Newspaper headlines: 'Labour Brexit betrayal' and 'NHS waits cover up'
Boris Johnson's plans for the final three days of general election campaigning feature prominently on the front page of a number of newspapers.
The Daily Telegraph reports that Mr Johnson will visit every region of England and Wales in the final 72 hours before voters head to the polls. The paper says that he deploy what is described as his "trump card" of Brexit "relentlessly" in an attempt to win Labour-held marginals.
The Sun quotes a Conservative source as saying the campaign's previously cautious approach will change in the coming days, with the PM tasked with harnessing energy from voters on walkabouts.
The Financial Times claims to have seen a leaked document which casts doubt on whether Boris Johnson's Brexit plan can be implemented in time.
The dossier, from the Department for Exiting the European Union, reportedly claims that setting up a new customs arrangement in time for December 2020 presents a major challenge. It cites infrastructure and staffing as particular areas of concern.
The Guardian reports that while the prime minister will "criss-cross" the country, the Labour leader Jeremy Corbyn will return to his core message of the NHS as the campaign nears its climax.
The paper says that Mr Corbyn's pledge that the health service risks being sold off to the US in a post-Brexit trade deal has "hit home" with voters, with activists saying it is cited on the doorstep.
The i and the Daily Mirror have front page stories about the state of the NHS. "Desperate" is how the Mirror describes a four-year-old's treatment at Leeds General Infirmary.
In an article which the paper claims is an exclusive, the boy's mother Sarah Williment explains her son was treated for suspected pneumonia on the floor because the hospital had run out of beds.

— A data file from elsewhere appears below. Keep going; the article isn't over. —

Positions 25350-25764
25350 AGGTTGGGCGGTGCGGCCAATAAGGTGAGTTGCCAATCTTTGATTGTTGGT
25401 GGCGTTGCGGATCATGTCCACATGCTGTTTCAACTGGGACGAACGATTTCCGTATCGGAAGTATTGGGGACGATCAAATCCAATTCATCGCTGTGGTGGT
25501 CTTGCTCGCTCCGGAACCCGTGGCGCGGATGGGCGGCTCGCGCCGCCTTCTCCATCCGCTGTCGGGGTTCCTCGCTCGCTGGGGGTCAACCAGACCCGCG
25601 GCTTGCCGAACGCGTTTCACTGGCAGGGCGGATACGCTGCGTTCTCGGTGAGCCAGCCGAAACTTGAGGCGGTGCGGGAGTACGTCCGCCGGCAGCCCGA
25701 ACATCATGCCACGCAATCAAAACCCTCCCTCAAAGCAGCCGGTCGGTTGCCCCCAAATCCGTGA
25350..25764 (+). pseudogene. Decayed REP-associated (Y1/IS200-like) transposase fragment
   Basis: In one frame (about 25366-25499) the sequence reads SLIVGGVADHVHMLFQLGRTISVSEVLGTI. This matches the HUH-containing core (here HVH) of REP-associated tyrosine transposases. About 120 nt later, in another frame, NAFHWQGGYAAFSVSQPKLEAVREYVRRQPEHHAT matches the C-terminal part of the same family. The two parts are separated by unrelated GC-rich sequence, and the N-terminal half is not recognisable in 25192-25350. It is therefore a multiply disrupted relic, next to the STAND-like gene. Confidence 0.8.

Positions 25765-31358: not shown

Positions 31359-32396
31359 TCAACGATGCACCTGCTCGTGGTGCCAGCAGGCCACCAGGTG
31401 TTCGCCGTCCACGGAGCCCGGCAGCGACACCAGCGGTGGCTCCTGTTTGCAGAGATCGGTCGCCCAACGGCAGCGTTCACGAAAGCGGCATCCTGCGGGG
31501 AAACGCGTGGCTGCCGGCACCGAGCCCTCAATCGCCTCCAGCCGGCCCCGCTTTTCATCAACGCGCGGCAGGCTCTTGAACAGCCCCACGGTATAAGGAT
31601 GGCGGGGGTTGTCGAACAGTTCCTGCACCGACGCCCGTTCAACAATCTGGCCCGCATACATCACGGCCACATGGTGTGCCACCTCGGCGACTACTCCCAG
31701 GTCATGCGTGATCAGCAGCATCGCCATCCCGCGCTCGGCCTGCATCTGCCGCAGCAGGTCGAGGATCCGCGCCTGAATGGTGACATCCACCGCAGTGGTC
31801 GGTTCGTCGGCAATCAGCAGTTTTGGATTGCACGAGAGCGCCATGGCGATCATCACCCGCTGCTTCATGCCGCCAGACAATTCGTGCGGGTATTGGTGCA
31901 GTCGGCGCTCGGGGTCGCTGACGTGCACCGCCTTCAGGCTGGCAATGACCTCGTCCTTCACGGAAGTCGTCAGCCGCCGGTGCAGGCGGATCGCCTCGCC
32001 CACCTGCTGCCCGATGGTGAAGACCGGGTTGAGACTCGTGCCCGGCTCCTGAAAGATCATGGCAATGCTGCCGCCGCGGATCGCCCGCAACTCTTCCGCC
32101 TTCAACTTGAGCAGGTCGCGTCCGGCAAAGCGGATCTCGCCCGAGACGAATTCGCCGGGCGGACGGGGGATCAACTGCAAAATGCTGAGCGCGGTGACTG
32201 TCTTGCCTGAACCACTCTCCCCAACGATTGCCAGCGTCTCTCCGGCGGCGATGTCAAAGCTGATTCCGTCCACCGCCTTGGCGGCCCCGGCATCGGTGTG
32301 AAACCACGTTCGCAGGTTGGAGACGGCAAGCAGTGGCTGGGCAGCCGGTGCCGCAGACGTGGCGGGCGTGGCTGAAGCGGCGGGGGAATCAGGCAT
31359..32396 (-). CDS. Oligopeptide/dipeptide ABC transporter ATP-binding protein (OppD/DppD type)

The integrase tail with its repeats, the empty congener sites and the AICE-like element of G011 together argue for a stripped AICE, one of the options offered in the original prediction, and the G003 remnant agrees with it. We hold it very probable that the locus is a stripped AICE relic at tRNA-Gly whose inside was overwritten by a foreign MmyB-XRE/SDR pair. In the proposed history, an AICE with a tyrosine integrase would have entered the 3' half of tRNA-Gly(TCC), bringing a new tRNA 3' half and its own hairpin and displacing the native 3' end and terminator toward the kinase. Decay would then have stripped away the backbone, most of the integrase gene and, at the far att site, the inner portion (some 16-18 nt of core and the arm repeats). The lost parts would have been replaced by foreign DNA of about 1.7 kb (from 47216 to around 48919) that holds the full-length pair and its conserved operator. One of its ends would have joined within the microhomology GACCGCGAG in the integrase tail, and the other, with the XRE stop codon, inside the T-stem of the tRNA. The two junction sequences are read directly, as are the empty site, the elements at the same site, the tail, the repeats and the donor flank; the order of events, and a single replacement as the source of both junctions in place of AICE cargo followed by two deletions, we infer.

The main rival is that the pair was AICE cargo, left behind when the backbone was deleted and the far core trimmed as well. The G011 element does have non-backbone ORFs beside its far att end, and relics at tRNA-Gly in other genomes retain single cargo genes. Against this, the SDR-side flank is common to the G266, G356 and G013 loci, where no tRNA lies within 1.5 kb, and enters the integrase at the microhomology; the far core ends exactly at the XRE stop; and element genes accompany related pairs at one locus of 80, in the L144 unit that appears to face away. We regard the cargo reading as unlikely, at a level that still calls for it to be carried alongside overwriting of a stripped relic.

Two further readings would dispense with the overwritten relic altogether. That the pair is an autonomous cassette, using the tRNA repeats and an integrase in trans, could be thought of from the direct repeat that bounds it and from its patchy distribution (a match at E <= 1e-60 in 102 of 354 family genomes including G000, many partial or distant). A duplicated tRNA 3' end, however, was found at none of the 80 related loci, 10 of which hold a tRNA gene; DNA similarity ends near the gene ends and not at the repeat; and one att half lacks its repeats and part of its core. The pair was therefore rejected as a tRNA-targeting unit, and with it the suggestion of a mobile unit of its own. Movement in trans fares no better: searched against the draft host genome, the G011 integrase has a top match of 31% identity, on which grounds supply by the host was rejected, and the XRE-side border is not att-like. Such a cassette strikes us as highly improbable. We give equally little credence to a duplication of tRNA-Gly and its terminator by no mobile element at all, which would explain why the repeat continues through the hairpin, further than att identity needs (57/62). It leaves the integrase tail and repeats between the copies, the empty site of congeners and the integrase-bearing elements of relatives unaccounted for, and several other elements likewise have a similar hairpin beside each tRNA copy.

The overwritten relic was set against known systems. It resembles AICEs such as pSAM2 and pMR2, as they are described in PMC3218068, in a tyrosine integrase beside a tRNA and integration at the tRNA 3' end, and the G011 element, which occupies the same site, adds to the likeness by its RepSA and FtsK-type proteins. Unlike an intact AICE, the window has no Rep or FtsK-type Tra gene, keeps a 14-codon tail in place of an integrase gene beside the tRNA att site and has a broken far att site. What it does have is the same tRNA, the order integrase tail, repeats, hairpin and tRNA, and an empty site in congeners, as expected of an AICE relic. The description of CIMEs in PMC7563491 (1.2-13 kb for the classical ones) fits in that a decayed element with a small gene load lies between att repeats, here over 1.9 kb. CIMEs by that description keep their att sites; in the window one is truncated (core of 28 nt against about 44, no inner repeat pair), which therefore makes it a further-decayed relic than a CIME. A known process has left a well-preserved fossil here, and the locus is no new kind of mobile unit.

The i carries quotes from the head of the Royal College of Emergency Medicine who raises concerns about how A&E waiting times are recorded.
Dr Katherine Henderson says thousands more people may be waiting more than 12 hours because NHS England only starts a patient's clock at the point they are admitted for treatment. She goes on to say that this method does patients a "disservice" and "hides the true scale of the problem of corridor care".
Elsewhere, the Chinese government has ordered all its offices and public bodies to remove foreign computer equipment and software within three years, according to a report in the Financial Times.
In what is described by the paper as a "blow to HP, Dell and Microsoft", the policy is part of Beijing's attempts increase reliance on "home-made" technologies.
Beijing wants the change to happen within three years - but analysts in the paper warn that the policy will involve swapping between twenty and thirty million pieces of hardware.
The Times reports that applicants to the University of Oxford may be better placed knowing more about Hogwarts than Hamlet.
In what is described as a "wizard plan", Shakespeare questions for potential applicants have been dropped in favour for those about Harry Potter by one academic.
The move is reportedly part of attempts by tutors not to penalise candidates who are unfamiliar with the work of the 16th and 17th Century playwright and poet.